Barbara Eldredge for Curbed:  Imaginative architect and designer Carlo Ratti has had some bonkers ideas over the past year, including an exercise-powered gym barge and a mile-high skyscraper park. But his latest project is on the sunnier side of feasibility. Literally. The Sun&Shade is a light-reflecting canopy made of mirrors that automatically rotate to catch the sun’s rays and fling them at a photovoltaic panel, “located a safe distance away.” This generates clean electricity up top while cooling the shaded area beneath. A working prototype of the mirrored structure just debuted at Dubai’s Museum of the Future as part of its “Reimagining Climate Change.”   Cont'd...

Energy Powers Our Lives

The First Law of Thermodynamics states that energy cannot be created or destroyed. It can, however, be transferred from one location to another and converted to and from other forms of energy.

2017 Lloyd's Register Technology Radar - Low Carbon Report

Our findings show that industry experts are optimistic about the pace of innovation in the low carbon space, and shed light on which technologies will have the most impact on the sector.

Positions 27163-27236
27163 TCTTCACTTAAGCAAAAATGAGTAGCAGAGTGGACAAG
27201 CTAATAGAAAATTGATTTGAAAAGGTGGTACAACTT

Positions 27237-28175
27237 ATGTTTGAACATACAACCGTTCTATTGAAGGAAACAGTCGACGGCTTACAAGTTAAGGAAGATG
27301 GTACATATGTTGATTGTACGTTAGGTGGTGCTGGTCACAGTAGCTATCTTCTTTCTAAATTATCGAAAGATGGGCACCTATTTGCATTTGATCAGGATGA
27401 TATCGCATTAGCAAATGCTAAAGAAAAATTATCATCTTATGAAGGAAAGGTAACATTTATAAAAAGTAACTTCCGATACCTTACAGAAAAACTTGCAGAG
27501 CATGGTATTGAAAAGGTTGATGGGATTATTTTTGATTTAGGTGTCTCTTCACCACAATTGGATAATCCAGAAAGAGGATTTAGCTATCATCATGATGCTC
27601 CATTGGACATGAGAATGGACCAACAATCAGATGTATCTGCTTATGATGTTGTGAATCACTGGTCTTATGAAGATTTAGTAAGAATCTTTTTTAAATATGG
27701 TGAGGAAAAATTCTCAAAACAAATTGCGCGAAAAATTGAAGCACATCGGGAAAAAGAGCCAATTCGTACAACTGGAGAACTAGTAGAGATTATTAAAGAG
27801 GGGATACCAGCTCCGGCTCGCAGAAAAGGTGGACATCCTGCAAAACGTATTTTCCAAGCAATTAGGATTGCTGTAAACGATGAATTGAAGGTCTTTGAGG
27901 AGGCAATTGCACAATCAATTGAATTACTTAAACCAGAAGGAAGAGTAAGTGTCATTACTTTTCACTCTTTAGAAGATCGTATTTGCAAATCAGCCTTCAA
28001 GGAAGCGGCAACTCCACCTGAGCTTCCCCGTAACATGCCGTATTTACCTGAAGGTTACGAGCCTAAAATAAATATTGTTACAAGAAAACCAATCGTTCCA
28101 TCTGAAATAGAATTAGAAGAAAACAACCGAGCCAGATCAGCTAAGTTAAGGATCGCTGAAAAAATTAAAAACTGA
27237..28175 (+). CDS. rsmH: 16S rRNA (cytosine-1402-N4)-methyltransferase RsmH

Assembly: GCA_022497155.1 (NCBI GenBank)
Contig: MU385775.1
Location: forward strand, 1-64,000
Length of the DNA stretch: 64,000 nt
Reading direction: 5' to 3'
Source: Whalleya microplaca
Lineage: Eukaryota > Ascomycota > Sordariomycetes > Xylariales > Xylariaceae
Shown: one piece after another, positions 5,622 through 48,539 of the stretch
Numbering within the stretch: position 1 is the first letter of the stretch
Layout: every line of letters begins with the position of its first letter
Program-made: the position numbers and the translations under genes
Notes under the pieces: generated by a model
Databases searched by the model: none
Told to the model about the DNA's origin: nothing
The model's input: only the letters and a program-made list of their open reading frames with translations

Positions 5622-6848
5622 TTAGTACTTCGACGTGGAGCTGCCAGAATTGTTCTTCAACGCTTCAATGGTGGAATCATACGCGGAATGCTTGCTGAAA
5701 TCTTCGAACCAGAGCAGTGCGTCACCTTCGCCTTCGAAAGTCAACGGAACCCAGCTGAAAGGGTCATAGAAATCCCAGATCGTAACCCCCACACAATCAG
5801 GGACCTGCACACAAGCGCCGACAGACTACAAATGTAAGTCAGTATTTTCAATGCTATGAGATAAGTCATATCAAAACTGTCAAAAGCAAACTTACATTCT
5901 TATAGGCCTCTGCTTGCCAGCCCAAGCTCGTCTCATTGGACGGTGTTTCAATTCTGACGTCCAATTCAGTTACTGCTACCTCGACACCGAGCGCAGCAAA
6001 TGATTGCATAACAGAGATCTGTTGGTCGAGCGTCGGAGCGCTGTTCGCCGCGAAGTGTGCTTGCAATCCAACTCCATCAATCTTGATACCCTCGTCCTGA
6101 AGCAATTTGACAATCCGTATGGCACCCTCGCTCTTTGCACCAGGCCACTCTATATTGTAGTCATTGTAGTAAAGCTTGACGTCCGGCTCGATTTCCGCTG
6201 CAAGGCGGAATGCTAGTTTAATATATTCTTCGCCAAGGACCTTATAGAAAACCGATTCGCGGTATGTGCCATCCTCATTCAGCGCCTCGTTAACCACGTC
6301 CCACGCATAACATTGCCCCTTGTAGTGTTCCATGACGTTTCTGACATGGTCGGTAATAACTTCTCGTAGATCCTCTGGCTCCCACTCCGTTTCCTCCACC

Chinese solar company opening local module factory in September

Victor A. Patton for Sacramento Business Journal:  A solar module factory expected to bring more than 200 jobs to Sacramento is slated to begin production in mid-September at McClellan Business Park.  It will be the first U.S. factory for Nanjing, China-based solar cell and module manufacturer China Sunergy Co, who on Thursday announced its subsidiary Sunergy America has agreed to lease a 140,000-square-foot manufacturing building — previously a plant where J.C. Penney made window coverings. Simon Szeto, a Sunergy advisor, said the company will bring around 20 management staff from overseas and will hire other employees locally.  The work being done at the factory will include putting together the modules. Each module includes a solar cell, an aluminum frame, tempered glass, cables and a junction box. The completed products, which can be placed on a ground mount or rooftop, will be sold commercially in the U.S, Szeto said.  Cont'd...